The poems accompany us on Shabbat Nachamu, where Rabbi Rimon employs prophetic symbolism and quotes the Prophet Hosea: "My sister Ruchama, beautiful with golden hair,…your throat is thirsty, honey and milk will quench it…and I will betroth you forever…behold your Redeemer is coming…" and

"The song I did not sing spread out its gold into the distances…made the chords of my soul tremble… …at the right  time the song will be heard, the song of Redemption.."

They continue with us on to the month of Elul, poems of teshuva and supplication, some almost liturgical, one inspired by the Talmudic story of the Sage/sinner Elazar ben Dordaya in Tractate Chagiga:

The poem of teshuva

"My sins exhausted me./ Earth seek mercy for me/ Like a woman forced into labor absorbed in her pain/ I fear evil and I do not have the strength of spirit for goodness….

"Mountains, beseech…/ For I am weary and my soul is fading/ My head is sunk between my knees…"

Rabbi Rimon reminds us of who we are despite our suffering:

"I am a prince the son of a king am /  I strolled in the garden behind my parent's palace../ Then a pure white dove flew on high…/ My coat of many colors fell apart long ago…(reference to his own name)/ Like a madman in the market, they beat me with sticks (from Shir Hashirim)…"

The poet's heart  seems to be bursting with all he sees, and he writes as if he hears the conversation between the Master of the Universe and those rebuilding the Jewish homeland:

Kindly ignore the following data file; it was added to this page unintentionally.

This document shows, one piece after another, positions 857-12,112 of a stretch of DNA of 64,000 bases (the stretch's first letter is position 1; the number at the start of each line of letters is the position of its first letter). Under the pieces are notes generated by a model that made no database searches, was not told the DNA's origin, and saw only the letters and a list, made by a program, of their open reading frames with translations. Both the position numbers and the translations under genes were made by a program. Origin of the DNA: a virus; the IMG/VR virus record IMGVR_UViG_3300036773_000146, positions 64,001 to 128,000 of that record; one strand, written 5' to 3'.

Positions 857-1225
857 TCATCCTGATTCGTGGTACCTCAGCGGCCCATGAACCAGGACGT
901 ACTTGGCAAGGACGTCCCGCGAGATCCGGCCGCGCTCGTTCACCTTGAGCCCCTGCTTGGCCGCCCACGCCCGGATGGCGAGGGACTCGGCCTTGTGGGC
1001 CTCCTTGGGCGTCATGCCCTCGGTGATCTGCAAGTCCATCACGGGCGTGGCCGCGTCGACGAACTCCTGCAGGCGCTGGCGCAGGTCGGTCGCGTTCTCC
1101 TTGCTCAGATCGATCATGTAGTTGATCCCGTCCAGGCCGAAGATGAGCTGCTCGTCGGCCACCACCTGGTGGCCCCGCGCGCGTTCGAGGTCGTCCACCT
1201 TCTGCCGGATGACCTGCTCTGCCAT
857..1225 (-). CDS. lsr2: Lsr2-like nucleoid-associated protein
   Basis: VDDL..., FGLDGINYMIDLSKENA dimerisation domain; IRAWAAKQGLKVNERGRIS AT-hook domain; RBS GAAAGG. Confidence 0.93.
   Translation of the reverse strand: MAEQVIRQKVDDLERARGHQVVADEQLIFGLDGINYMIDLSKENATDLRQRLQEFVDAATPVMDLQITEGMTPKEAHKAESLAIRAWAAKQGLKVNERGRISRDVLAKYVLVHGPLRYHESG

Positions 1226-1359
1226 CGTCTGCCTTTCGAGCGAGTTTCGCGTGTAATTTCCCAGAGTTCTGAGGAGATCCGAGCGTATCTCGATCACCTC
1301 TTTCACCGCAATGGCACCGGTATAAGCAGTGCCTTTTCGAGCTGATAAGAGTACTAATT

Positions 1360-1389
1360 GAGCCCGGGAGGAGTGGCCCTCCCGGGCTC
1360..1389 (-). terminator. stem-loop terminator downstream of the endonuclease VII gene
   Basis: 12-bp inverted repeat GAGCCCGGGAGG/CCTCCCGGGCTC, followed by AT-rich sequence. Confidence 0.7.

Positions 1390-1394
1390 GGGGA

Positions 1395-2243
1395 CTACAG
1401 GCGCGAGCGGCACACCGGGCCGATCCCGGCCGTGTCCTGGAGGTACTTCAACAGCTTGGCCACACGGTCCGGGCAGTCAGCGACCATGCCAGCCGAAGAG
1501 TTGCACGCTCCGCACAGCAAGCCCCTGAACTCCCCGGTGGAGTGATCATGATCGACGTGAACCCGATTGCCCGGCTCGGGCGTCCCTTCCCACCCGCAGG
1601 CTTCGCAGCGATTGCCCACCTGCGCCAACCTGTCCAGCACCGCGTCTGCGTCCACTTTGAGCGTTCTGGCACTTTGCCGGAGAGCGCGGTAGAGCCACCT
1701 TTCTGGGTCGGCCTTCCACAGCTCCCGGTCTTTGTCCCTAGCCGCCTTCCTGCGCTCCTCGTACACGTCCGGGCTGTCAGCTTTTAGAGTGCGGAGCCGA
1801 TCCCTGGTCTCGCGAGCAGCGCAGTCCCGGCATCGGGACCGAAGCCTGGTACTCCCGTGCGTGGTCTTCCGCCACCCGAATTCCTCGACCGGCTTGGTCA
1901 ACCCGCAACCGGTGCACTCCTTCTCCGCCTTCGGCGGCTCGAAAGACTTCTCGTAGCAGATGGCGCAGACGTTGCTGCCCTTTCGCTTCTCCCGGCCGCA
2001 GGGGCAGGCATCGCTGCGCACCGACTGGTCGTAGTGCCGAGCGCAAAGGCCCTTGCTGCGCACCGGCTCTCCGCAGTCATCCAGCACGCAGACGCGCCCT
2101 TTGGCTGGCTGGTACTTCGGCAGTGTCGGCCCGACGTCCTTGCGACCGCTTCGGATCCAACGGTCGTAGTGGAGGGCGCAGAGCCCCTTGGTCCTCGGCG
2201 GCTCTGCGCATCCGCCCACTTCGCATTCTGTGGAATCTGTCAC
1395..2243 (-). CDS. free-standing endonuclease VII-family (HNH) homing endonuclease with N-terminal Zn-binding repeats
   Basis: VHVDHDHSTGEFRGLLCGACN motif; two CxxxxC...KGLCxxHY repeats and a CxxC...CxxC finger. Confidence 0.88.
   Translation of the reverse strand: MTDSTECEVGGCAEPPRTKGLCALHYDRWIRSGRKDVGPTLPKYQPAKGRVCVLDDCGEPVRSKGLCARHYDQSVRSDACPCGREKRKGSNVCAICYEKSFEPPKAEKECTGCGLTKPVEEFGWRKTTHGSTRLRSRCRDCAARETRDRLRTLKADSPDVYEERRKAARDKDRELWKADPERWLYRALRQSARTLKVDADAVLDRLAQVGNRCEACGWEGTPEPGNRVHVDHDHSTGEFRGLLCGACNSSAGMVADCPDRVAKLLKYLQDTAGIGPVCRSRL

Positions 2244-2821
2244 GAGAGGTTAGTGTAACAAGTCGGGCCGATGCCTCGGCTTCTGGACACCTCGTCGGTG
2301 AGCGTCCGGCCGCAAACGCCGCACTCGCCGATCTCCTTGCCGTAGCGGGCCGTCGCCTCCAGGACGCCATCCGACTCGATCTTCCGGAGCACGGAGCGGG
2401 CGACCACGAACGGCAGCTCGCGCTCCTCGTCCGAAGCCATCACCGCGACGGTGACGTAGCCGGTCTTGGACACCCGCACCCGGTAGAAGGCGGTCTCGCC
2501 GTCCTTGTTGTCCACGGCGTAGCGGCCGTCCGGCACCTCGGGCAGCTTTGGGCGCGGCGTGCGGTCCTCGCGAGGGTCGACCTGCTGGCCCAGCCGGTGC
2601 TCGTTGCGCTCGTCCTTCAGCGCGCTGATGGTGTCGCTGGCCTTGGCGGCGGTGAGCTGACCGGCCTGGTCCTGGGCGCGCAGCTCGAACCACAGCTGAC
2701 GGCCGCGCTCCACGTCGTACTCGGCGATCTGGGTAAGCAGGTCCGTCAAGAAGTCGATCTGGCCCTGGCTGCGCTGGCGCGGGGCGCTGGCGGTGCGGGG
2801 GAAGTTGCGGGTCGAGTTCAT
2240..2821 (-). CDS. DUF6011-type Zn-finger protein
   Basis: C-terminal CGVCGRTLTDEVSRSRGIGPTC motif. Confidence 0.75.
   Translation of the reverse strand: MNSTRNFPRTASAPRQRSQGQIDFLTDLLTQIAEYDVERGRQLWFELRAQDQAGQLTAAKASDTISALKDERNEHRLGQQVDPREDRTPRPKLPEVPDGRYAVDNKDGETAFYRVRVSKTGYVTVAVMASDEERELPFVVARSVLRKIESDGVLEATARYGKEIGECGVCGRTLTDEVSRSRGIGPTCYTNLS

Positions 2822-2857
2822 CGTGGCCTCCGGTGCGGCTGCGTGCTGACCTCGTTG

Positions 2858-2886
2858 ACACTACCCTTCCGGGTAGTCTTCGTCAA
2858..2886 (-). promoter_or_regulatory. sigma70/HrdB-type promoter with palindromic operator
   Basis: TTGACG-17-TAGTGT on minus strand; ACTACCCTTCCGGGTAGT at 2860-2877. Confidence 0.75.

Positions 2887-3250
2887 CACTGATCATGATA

"The land is given to you/ Which My eyes are on all the days/ It flows with milk and honey…/ After I left it I forgot it/ …Now I have returned/ Holiness be my portion/ For too long have I been stripped of humanity/ Pogroms in broad daylight.../ He will make peace for me..."

The above is just a taste of the poems in the book. Caught up as we are in all the verbal and violent attacks on our own Jewish state, or mired in the daily difficulties for those who have made it their home, these beautiful and inspired poems remind us that we are an intrinsic part of the Heavenly plan for his Chosen People. 

May we merit seeing the complete Redemption speedily in our time and turn the 9th of Av into a day of joy.

Note:Rav Rimons' grandson who is named for his illustrious grandfather and a is a known halakhic authority and rav in the Har Etzion hesder yeshiva is the founder of Jobkatif and all proceeds of the book go to that worthy organization.